|Scotch Street, Downpatrick, Co. Down|
February 08, 2011
Last time I was tellin' ye about the Latin word, 'Scotti', meaning an Irishman! Well, now, I'm sure you've heard it said that ye should never refer to a Scotsman as 'Scotch' - that's a drink, they say - the correct term is Scots, or Scottish. Well, that's all very well, but then why do we have several towns in the north of Ireland with an Irish Street and a Scotch Street, eh?
In most towns ye'll have a Main Street and a High Street, a Church Street, Castle Street and mebbe a Railway Street. But in Dungannon, Co. Tyrone; Armagh City; and Downpatrick, in Co. Down, among others, ye have a Scotch Street. It's not called Scots Street, or Scottish Street! Armagh and Downpatrick also have an Irish Street, while Limavady, Co. Londonderry, has an Irish Green Street. Downpatrick has an English Street, as well - but, to the best of my knowledge, the Welsh never got in the act at all - there's nivver a Welsh Street!
This all dates back to something called the Plantation of Ulster, which has left us with a bit of a legacy - especially in the north of Ireland. Ulster had always been the most Gaelic part of Ireland, and the most resistant to English rule. But after years of bitter warfare, the English finally gained control there, too, and the flight of the earls took place in 1607. The Ulster Gaelic chieftains, Hugh O'Neill and Hugh O'Donnell and their close supporters, left Ireland by ship to seek help from Spain, which was the superpower of the time. They were destined never to return.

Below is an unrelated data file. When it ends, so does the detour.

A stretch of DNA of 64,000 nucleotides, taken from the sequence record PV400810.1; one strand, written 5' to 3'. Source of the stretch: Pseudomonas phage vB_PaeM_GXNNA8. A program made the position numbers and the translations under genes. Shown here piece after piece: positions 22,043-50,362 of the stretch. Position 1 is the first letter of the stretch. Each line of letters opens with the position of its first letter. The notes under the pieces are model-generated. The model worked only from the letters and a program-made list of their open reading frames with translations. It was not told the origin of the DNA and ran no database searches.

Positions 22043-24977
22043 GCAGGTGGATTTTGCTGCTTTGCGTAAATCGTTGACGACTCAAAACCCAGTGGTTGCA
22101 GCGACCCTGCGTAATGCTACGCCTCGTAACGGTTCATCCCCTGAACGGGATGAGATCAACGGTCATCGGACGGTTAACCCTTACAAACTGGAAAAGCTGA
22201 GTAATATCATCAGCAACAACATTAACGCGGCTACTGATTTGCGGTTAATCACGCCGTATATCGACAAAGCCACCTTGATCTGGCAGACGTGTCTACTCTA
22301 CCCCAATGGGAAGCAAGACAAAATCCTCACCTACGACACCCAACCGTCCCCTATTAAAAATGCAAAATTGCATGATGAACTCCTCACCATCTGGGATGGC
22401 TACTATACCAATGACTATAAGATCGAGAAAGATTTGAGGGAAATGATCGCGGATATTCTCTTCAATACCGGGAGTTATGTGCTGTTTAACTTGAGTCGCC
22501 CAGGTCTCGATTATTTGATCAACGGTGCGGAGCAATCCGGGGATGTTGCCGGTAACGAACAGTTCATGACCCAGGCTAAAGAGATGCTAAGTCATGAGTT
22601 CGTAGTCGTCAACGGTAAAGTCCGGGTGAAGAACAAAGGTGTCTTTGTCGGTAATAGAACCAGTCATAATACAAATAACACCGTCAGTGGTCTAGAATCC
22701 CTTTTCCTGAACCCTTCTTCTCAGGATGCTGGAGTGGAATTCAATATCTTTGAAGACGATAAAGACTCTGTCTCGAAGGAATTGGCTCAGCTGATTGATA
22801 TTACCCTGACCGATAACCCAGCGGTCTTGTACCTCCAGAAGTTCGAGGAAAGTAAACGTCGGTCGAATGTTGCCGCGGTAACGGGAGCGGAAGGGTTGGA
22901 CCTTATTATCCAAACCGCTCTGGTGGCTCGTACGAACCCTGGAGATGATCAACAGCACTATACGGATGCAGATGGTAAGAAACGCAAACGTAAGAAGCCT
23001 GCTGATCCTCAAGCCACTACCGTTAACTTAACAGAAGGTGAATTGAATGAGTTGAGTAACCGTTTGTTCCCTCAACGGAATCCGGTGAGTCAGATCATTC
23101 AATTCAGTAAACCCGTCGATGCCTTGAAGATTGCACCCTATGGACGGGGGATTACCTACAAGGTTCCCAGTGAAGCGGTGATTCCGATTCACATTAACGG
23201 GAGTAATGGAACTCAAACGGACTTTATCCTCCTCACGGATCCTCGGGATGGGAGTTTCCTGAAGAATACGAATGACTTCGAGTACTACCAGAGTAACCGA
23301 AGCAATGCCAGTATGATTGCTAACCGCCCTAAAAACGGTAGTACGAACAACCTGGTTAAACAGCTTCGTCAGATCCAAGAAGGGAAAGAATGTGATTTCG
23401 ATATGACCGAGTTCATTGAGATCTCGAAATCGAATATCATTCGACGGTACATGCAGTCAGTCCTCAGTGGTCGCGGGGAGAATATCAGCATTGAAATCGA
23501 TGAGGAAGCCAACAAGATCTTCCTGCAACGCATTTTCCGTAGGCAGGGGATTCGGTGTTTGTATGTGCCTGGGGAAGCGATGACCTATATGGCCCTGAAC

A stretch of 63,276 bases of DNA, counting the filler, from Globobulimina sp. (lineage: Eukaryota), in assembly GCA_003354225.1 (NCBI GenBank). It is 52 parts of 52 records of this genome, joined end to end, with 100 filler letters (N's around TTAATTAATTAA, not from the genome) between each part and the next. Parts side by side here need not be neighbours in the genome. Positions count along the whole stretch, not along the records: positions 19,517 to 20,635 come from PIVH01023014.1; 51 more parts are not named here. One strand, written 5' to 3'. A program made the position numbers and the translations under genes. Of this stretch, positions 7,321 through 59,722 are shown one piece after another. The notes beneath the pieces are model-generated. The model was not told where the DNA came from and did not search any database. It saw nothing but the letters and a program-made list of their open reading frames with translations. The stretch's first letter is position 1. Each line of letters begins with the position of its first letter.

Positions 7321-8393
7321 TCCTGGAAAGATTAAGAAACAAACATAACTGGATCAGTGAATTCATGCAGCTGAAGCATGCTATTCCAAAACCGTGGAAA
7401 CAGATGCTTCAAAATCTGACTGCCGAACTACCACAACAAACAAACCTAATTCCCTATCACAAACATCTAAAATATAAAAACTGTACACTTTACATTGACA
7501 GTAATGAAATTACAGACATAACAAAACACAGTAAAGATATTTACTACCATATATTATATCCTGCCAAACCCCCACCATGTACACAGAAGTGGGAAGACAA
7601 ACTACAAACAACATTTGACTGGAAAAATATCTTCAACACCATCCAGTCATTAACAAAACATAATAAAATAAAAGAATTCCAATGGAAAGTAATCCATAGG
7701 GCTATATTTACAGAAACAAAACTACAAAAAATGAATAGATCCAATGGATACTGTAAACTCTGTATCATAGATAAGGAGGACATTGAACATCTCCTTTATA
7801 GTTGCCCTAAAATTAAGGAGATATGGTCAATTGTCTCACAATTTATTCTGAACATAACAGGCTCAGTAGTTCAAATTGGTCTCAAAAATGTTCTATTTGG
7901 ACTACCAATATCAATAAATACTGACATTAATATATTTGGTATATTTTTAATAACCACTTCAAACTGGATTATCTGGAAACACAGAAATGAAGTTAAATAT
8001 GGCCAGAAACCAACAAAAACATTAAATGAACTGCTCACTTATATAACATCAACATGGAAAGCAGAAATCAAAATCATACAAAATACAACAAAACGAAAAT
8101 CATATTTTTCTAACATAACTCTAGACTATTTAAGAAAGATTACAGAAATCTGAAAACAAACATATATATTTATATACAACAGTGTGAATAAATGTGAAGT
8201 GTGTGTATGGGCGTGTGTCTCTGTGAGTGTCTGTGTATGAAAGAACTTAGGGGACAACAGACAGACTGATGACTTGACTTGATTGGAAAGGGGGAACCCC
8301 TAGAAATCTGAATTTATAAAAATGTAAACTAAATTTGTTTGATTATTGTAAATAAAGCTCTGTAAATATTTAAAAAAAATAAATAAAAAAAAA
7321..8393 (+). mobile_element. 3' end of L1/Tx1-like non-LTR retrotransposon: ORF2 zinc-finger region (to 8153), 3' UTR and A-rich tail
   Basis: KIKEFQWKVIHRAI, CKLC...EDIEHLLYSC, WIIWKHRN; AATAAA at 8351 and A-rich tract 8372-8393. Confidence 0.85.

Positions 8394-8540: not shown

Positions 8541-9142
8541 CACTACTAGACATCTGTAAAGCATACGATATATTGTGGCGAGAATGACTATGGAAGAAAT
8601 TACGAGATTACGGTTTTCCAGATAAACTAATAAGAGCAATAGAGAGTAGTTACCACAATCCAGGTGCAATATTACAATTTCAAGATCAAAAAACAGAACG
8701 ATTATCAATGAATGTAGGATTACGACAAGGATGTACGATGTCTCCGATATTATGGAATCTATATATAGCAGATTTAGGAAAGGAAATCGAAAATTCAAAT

The English King James confiscated the lands of the rebels, and anyone who had sided with them. He also wanted to reward his faithful English - and especially Scots - supporters. So they came up with the idea of the Plantation - or colonisation, really - of the parts of Ulster that had previously been so rebellious. Planters had to be English-speaking (not Gaelic-speaking) and they had to be Protestant.
In a lot of cases the local Irish population, who'd been deserted by their leaders, were forced off the land they had lived on for centuries, the land given to what they regarded as foreigners - even though the Scots were a related people - and a lot of bitterness began to build up. There weren't too many towns back then, and the land was depopulated after all the fighting there'd been. New towns and garrisons were built, where only English was spoken and English law replaced the Gaelic Brehon Law. Maybe something in the region of 80,000 settlers, mostly Presbyterians from Scotland, had come to Ulster by the 1630s.
But in 1641 the local Irish rebelled and attacked the Protestant settlements. The English reaction to this was severe and there were a lot of atrocities on both sides. Protestants fled to the new towns for safety. Added to this mix was Oliver Cromwell and the overthrow of the English king by their Parliament. The Scottish Presbyterian army brought in to quell the rebellion sided with the king, while other defenders sided with Parliament, so that in the end both Catholic Irish and Scots Presbyterians were the losers and became dominated by Anglican English ascendancy.
Thousand more fled from a famine in Scotland towards the end of the 17th Century, so that Presbyterians became the majority of the Ulster population for the first time - and have been ever since. As the towns grew, eventually they began to have more of a native Irish - in other words, Catholic - population. So, you'd have a Presbyterian Scotch Street area, probably in the business part of the town, and maybe a Roman Catholic Irish Street, likely in a poorer district. English Street would have represented the dominant Anglican seat of power and government. It's not complicated at all!
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